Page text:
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Japan’s Recession & Global Capitalism’s Growing Contradictions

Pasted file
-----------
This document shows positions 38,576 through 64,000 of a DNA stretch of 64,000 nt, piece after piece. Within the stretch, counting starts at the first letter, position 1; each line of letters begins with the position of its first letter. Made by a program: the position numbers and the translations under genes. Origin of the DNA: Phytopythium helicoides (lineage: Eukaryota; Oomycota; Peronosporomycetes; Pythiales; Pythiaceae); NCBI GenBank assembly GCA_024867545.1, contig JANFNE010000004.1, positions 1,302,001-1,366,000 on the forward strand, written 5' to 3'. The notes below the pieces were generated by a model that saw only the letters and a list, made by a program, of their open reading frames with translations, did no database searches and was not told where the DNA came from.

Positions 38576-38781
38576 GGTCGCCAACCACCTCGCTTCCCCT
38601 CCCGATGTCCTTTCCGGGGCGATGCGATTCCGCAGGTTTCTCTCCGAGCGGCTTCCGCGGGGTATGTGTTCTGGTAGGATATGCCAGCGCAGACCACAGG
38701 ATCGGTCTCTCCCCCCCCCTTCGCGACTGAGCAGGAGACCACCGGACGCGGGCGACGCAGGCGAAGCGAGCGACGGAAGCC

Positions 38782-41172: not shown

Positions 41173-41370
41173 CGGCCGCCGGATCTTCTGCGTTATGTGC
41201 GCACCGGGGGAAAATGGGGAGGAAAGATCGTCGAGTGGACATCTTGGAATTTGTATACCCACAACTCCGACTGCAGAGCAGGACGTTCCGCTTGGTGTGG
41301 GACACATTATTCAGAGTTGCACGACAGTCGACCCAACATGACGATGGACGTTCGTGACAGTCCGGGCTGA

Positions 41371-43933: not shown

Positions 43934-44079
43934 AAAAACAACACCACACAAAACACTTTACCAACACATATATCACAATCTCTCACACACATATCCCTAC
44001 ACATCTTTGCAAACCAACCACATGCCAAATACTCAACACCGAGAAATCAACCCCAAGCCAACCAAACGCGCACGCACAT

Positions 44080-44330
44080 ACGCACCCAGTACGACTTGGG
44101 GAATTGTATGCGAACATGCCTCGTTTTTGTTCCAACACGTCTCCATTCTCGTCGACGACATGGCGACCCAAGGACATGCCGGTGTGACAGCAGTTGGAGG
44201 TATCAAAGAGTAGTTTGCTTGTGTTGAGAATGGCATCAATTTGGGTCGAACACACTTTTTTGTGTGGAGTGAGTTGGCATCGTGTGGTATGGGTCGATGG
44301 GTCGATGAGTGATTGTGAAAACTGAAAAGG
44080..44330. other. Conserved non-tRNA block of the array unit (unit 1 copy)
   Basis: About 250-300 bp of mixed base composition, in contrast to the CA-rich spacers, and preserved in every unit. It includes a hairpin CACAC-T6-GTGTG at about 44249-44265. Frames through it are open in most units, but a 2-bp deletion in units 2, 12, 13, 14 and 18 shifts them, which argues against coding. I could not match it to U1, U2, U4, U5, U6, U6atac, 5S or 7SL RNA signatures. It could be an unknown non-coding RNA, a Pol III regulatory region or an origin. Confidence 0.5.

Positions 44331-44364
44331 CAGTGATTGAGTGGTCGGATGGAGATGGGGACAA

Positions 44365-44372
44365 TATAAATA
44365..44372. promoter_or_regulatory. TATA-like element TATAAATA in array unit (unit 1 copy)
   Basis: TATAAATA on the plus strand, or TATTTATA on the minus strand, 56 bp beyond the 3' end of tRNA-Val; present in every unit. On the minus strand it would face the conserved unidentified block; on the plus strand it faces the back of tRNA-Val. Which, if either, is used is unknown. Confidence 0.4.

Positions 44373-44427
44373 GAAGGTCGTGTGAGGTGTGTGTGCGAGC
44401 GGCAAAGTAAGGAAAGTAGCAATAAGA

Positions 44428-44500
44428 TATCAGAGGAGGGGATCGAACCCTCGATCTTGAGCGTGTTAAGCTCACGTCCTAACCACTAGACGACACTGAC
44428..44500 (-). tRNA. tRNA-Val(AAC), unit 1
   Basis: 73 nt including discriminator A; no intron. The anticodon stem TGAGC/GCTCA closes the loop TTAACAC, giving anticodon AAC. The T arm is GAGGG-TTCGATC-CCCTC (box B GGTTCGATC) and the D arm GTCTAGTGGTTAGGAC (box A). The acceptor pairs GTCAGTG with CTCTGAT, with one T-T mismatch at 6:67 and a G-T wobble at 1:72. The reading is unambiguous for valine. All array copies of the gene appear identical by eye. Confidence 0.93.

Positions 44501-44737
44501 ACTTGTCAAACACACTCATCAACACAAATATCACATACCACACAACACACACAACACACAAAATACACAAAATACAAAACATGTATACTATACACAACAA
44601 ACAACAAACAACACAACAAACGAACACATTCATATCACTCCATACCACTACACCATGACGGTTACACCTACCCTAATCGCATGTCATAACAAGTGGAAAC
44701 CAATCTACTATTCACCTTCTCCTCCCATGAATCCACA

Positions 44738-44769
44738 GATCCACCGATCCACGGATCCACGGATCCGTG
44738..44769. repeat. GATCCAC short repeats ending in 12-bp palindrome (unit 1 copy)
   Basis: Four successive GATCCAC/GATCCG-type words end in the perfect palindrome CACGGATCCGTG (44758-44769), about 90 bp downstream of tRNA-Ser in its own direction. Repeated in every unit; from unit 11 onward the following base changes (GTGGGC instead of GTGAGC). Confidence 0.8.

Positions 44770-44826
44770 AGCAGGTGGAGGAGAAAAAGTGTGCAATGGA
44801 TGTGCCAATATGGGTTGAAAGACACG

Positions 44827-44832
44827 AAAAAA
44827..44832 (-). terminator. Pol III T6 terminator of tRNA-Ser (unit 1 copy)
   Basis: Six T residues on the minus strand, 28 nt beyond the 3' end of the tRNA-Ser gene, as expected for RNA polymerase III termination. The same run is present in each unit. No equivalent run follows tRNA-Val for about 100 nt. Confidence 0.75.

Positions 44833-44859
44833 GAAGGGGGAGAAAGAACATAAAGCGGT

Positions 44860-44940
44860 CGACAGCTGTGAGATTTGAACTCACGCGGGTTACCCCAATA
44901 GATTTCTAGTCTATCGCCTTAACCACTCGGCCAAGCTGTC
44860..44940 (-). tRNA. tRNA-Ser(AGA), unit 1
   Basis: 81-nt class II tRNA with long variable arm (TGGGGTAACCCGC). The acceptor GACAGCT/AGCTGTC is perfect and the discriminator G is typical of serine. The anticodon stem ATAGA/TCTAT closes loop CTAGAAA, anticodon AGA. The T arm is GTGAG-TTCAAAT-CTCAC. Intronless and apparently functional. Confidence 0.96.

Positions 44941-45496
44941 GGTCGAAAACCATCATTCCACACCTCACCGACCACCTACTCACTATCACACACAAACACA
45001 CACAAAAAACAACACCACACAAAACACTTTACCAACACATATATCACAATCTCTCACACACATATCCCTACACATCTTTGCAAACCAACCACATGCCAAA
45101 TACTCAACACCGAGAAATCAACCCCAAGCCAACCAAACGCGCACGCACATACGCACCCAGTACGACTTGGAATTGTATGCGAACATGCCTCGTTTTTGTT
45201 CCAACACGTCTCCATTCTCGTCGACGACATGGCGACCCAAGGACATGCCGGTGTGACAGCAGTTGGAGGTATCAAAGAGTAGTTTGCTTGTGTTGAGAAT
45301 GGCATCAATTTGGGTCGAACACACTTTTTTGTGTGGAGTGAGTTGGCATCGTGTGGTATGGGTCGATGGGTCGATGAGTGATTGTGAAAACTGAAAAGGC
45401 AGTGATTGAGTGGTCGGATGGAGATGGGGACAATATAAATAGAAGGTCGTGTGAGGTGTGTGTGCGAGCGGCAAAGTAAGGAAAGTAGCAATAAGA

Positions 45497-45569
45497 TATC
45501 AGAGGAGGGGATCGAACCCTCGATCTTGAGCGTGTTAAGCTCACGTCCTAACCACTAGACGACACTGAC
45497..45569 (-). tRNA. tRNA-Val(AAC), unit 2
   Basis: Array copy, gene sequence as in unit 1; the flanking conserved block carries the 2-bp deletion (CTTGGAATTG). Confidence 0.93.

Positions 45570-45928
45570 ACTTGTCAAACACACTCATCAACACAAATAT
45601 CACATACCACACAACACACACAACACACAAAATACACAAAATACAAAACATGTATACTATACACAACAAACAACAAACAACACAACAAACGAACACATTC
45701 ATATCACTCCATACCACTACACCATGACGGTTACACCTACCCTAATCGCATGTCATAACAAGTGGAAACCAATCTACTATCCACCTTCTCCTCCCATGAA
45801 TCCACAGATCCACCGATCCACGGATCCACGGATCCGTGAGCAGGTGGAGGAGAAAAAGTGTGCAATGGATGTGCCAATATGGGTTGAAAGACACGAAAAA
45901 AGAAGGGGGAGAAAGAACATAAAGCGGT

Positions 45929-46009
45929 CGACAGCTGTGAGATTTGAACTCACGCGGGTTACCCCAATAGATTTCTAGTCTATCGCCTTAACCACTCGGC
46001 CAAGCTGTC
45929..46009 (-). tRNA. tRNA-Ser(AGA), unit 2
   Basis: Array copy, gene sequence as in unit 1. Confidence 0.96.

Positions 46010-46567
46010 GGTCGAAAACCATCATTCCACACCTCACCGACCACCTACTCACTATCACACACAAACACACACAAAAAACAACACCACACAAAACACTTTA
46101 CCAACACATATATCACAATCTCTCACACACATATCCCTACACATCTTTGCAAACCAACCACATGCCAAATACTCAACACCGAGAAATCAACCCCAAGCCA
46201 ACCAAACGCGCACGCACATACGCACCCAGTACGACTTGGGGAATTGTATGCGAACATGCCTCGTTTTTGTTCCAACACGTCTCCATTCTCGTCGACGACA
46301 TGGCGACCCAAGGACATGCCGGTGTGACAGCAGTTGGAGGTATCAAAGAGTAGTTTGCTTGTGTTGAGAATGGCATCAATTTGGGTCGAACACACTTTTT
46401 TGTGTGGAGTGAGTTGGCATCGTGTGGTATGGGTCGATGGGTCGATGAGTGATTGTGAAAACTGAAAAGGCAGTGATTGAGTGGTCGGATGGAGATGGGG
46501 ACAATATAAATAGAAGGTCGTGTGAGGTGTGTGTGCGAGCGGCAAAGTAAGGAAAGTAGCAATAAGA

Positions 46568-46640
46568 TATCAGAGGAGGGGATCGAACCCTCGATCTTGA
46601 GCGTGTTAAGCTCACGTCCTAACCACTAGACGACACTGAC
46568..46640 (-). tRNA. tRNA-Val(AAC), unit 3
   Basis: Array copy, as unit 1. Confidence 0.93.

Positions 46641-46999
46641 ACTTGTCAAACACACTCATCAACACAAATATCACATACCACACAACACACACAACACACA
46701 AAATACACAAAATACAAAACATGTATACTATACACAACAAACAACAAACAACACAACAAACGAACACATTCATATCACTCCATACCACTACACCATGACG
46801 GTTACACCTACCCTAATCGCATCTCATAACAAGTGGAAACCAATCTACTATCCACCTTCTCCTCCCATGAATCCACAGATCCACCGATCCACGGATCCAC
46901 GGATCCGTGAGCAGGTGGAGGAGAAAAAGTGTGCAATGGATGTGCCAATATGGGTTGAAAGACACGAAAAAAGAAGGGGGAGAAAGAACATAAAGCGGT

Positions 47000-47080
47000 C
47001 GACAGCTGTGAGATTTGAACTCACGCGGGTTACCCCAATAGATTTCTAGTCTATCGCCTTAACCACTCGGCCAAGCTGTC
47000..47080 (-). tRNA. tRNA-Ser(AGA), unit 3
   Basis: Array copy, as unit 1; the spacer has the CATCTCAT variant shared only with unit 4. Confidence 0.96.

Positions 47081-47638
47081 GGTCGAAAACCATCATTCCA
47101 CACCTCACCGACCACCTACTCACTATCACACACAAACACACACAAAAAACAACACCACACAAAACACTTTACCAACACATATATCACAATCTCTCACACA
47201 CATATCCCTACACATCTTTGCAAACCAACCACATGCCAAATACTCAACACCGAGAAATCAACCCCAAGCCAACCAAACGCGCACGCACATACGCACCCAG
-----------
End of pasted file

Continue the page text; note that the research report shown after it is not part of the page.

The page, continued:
Dr. Jack Rasmus describes Japan’s latest 2014 recession as yet another example of growing global Capitalist economic contradictions. With its stock markets booming, exports rising, unemployment at a 16 year low, interest rates at zero and massive money injections by its central bank—how is it that Japan’s economy has plunged again the last six months into a severe recession once again?  Is it that it has introduced QE monetary policies too ‘late’, as one wing of mainstream economists argue (i.e. ‘retro classicalists’)?  Or is it because it has not introduced fiscal stimulus government spending, as another wing of economists argue (i.e. ‘hybrid keynesians’)? Jack challenges both explanations. Real wages and real household income continues to decline, and consumption falter in turn, Jack argues, because job growth has been largely ‘contingent’(part time/temp), because Japan QE/monetary policy has depressed its currency by 35% and raise the cost of consumer imports that reduces real wages still further, and because Japan fiscal policy raised consumer taxes and reduced household income still further in turn.  Jack argues Japan is yet another ‘model’ and example of how capitalist monetary policies driving the world economy today bail out wealthy investors, bankers, and multinational companies first and quickly, but result in a failure to boost real investment, jobs and average consumer incomes as well in the process. With little household demand for real goods and services, businesses cut labor costs (wages) instead to boost profit margins and then hoard their cash, or invest it offshore, or divert it to financial asset speculation globally.  Capitalist monetary policies bail out the rich, but simultaneously cause the rest of the global economy to gradually grind to a halt—Japan being but the latest, and most extreme, example of the growing contradictions of global capital today.

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